Our current work involves providing treatment to adolescents and young adults who present with an array of struggles that include behavioral problems, school problems, mental health concerns, involvement in the criminal justice system, and substance abuse/dependence issues. A number of our clients also present with pervasive lifestyle struggles related to neurologic damage that resulted from prenatal alcohol exposure, called fetal alcohol spectrum disorder (FASD). This is a specific diagnostic classification system developed to organize the signs and symptoms of prenatal alcohol exposure.1
Our purpose here is to highlight how an FASD affects client functioning, as well as how it affects families and service providers such as addiction counselors. Service providers in the addiction field must become aware of the indications of the disorder, and consider a screening process to identify and address the needs associated with an FASD regardless of a confirmed diagnosis. If there is a confirmed FASD, it is vital for counselors to understand the implications in order to begin to develop interventions commensurate with the client's unique abilities and deficits.
An FASD diagnosis implies permanent neurologic damage resulting from prenatal alcohol exposure. The features of an FASD may be physical, cognitive, neurobehavioral, or a combination of these, and often result in significant disruptions (e.g., multiple foster care/adoptive placements, academic difficulties, behavioral concerns, early involvement in the criminal justice system, substance abuse management concerns, mental health concerns, emotional dysregulation, and relational disruptions).
The term FASD indicates a spectrum disorder made up of four subcategories including fetal alcohol syndrome (FAS; with or without confirmed prenatal alcohol exposure), partial fetal alcohol syndrome (pFAS; with confirmed prenatal alcohol exposure), alcohol-related neurodevelopmental disorder (ARND), and alcohol-related birth defects (ARBD). Another related term, fetal alcohol effects (FAE), has been used in the past but is no longer recommended for use.1
Regrettably, individuals with FASD diagnoses often present with such a list of crises and concerns that their positive qualities lay undeveloped. They tend to be labeled quickly as “resistant,” “unmotivated,” or “conscience-less” creatures who inevitably will spiral into addiction, homelessness, or the criminal justice system even if they have a supportive prosocial network. And sadly, many do not have the social and community supports they require.
For periods of time, these individuals might have professional helpers in their lives. Unfortunately, these relationships are often terminated early because of the clients' circumstances, multidimensional needs, lack of funding, age restrictions for services, or service providers' limited understanding of the implications of an FASD. Even those helpers who hang on eventually concede defeat because of the demands of working with those prenatally affected by alcohol and the overwhelming feelings of powerlessness and hopelessness that tend to result.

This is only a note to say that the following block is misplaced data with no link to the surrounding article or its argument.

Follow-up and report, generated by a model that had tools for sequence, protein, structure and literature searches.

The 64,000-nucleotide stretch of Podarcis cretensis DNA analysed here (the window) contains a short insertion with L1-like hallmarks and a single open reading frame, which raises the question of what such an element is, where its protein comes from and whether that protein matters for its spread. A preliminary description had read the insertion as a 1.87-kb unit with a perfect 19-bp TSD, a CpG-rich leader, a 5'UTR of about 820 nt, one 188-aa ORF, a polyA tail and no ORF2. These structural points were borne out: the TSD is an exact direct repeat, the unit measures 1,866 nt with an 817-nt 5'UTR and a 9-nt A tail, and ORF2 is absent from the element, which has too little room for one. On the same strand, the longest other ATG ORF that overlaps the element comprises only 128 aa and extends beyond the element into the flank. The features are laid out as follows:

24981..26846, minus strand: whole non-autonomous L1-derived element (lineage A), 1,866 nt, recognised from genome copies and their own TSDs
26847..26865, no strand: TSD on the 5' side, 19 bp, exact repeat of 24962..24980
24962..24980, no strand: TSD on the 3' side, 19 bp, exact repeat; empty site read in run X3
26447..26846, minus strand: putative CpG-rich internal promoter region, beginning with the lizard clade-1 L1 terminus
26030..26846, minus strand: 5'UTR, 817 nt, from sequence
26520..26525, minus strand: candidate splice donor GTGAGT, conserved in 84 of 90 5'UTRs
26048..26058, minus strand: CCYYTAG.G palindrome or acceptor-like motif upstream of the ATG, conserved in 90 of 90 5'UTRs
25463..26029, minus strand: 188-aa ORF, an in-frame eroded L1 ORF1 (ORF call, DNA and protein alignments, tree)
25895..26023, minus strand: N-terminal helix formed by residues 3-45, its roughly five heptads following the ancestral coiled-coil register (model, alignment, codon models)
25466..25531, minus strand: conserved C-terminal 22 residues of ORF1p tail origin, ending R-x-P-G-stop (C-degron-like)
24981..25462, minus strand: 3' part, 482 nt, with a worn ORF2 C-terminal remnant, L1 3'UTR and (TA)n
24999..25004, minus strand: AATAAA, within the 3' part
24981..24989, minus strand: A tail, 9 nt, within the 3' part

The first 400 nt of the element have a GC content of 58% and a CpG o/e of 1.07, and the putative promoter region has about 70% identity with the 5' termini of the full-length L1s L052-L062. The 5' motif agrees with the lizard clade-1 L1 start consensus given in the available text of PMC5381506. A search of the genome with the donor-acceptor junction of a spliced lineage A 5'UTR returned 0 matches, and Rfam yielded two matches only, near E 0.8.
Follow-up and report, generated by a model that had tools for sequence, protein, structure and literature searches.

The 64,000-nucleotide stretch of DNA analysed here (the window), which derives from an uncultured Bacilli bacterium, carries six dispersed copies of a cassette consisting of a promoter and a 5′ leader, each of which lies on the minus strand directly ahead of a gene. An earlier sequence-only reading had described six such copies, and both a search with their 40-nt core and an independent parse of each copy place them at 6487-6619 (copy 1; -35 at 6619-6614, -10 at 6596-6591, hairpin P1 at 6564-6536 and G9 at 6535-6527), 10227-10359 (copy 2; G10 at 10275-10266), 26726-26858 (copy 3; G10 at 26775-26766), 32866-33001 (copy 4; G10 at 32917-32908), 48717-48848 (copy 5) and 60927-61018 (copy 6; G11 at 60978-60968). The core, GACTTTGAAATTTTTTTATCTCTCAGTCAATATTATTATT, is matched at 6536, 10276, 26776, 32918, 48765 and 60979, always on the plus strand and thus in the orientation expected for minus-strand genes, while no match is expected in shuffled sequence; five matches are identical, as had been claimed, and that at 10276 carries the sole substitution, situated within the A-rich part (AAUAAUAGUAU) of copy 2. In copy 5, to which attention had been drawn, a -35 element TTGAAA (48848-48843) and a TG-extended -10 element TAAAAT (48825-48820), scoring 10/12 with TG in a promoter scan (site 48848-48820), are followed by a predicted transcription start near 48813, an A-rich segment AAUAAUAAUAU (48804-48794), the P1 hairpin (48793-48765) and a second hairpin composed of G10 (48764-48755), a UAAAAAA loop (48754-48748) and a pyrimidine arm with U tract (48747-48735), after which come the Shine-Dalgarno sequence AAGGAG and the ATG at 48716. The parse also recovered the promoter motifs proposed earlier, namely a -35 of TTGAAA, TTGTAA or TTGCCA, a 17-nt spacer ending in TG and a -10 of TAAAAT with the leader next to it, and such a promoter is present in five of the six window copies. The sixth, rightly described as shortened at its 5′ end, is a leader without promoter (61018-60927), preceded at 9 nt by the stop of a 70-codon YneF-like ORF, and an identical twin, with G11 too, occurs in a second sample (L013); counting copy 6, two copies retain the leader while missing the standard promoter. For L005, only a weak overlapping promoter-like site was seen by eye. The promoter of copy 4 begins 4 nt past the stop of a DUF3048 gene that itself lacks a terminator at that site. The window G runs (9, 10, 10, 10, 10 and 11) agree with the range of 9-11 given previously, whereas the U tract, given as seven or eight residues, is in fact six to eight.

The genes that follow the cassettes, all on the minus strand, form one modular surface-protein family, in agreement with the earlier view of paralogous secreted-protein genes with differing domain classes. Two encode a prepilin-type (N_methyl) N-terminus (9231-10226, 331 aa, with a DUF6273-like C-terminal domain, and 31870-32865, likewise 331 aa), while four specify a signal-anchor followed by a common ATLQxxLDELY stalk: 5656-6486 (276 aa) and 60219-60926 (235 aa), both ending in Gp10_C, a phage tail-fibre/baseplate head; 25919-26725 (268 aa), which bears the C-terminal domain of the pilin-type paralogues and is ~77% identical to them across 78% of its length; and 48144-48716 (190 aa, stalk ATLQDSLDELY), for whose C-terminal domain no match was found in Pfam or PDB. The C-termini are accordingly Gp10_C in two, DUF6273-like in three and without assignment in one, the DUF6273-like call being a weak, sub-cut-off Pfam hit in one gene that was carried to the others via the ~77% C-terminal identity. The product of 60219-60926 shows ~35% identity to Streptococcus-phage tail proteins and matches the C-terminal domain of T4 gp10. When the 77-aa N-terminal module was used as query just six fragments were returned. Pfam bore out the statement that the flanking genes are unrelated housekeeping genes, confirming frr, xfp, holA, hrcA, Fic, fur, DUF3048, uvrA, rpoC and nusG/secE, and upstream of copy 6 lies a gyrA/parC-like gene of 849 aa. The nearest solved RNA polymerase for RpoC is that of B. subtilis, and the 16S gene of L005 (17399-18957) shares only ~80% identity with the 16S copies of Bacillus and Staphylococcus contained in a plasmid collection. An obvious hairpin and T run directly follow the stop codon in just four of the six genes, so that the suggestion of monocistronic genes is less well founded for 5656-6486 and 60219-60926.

As a way to conceptualize the implications of working with someone who has an FASD, we present a case example of a young man we call “Matt.” One of us has the privilege of working directly with Matt, a charming, humorous, energetic, athletic, gregarious, and most of the time delightful individual. People who meet Matt routinely comment on his magnetism. Matt also presents with an array of lifestyle struggles including substance abuse/dependence, mental health concerns, an extensive criminal history, and a diagnosed FASD (in his case, ARND).
We like to use the metaphor of a Ferris wheel when discussing our work with Matt. The Ferris wheel depicts Matt's life, with each chair representing a new issue, crisis, or concern. It is as though we stand at the bottom of the Ferris wheel waiting for each chair to pass by the base. Specific treatment plans started one week are necessarily abandoned the next, owing to a rapid shift of events (incarceration, discharge from inpatient treatment, school change, family crisis, loss of living placement). Each revolving chair seems to bring with it new predicaments requiring compassion, consultation, and creativity. Time— along with Matt— has taught us that we need to accept that we cannot control the bypassing chairs; we can only control our placement on the base, knowing that Matt will come back, always willing to begin again.
Early in our work with Matt we realized that we needed to become realistic and strong supporters, promoters, campaigners, sponsors, and encouragers for him. Not only did this result in a more productive therapeutic relationship, it also mitigated some of the foreseeable challenges. Because of the memory and executive-functioning challenges with which Matt presents, it was important to develop as coherent and consistent a team approach as possible (participants represented education, social services, corrections, mental health, and addiction services, among others).